Still, the short stretch to the north offers a unique appeal. Weathered railroad ties lie alongside the trail, and a rusty barbed-wire fence separates the rail-bed right-of-way from the desolate ranchland to the east.

 

Owing in part to the dearth of users on the trail, the northern section conjures up the old railroad as perhaps the popular trail to the south cannot do. It’s not much of a stretch to imagine an old locomotive chugging through the high-desert terrain and roaring across the wood bridge at Granite Creek.

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  • The Iron King Trail in Prescott Valley – Branching off the Peavine near the iconic Point of Rocks, the four-mile Iron King Trail is popular with cyclists out for a relatively easy ride, as well as with commuters making the trip by bike between Prescott Valley and Prescott. On a warm spring weekend, the route can feel like a cycling highway at times, with the traffic picking up speed on the gradual descent toward the Town of Prescott Valley.

 

On its western end, the Iron King shares the granite-strewn terrain of the nearby Peavine, and then transitions into the open ranchland toward the east. The trail follows the route of the Prescott East Railroad, which once served the area’s Iron King Mine – hence, the trail’s name.

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Rocky terrain along the Iron King Trail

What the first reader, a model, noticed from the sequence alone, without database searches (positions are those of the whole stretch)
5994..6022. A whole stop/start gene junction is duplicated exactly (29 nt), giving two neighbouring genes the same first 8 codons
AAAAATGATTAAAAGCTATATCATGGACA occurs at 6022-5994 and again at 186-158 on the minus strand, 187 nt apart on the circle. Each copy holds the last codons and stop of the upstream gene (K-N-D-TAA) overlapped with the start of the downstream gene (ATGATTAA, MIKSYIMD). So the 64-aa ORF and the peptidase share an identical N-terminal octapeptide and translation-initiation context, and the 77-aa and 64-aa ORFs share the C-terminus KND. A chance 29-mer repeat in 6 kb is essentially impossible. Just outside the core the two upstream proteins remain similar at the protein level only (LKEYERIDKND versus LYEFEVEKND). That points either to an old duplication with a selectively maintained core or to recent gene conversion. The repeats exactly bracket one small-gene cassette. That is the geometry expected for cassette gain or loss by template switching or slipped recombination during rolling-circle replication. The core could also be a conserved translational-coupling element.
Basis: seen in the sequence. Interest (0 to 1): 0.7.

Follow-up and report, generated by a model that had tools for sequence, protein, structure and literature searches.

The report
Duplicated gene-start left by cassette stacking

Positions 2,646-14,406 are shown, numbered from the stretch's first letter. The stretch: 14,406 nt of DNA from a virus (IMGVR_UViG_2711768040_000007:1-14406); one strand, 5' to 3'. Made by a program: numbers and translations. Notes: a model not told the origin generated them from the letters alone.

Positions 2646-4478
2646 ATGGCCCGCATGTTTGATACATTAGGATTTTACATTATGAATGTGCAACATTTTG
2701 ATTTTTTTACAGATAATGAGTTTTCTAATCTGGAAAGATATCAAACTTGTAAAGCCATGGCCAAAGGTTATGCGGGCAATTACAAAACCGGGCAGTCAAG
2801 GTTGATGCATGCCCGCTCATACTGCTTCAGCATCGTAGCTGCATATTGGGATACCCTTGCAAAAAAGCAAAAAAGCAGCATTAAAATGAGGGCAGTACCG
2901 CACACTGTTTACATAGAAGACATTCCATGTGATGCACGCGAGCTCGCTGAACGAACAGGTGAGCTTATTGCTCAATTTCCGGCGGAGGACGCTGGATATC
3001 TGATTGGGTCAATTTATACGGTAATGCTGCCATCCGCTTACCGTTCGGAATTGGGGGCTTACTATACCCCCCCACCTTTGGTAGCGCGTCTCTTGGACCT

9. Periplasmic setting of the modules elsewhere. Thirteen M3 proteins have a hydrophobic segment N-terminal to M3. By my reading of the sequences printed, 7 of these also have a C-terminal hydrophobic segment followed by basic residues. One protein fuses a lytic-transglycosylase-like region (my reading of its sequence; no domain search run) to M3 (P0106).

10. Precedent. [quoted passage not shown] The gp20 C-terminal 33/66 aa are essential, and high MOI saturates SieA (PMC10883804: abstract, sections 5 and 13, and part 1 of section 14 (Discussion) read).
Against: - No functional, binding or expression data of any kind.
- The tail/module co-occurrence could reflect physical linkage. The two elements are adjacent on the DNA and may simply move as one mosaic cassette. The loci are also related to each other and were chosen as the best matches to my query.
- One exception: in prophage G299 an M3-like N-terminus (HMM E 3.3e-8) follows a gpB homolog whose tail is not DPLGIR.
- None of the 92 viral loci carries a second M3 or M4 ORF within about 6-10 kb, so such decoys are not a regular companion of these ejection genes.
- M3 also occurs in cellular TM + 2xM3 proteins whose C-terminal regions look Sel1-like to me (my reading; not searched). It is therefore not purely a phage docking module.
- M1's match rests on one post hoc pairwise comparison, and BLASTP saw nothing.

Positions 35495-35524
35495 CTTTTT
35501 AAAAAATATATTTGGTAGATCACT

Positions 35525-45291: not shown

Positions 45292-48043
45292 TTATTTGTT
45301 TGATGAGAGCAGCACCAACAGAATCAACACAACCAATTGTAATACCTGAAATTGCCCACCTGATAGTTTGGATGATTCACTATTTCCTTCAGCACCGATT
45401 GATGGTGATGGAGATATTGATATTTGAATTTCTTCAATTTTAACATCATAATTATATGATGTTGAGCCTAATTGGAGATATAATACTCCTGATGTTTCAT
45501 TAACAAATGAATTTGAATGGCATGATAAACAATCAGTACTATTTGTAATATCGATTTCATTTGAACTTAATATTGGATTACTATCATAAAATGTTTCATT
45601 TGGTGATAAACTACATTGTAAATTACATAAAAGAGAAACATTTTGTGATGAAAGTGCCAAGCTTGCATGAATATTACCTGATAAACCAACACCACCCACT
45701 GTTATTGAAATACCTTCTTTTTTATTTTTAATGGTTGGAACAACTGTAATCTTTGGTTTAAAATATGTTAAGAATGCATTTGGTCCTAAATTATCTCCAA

The scenery, although somewhat stark, is classic desert highlands – twisted piñon oak, green-tinted granite outcroppings, and long, sweeping views. On a recent evening walk, I spotted a mountain lion in the distance, loping into the underbrush. There were also deer, antelope, and a lone fox.

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Moonrise over the old section of the Iron King Trail, approaching Prescott Valley

And lest you forget the history of the place, at regular intervals along the trail are the reminders of the old Prescott East Railroad – rail cars and a variety of railroad equipment. Interspersed along the trail, the rusted relics offer a striking contrast to the gray/greens of the terrain.

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One caveat: Recent residential construction in Prescott Valley has brought changes to the access on the eastern end of the Iron King, near Glassford Hill Road. The trail on that end has been rerouted somewhat to follow a concrete walkway along Santa Fe Loop. Only time will tell how the Iron King (and the Peavine) fare in the coming years, as residential development continues to spring up nearby.

 

  • The Chino Valley Peavine – I’ll be honest: The Chino Valley section of the Peavine has what you might call a subtle beauty. In the middle of November, when I visited, the trail was bordered by dried weeds, rundown fences, and brown ranchland. Adding to that is the fact that development has sprung up along the route – everything from an RV storage area, to slump-block retaining walls obscuring tract homes.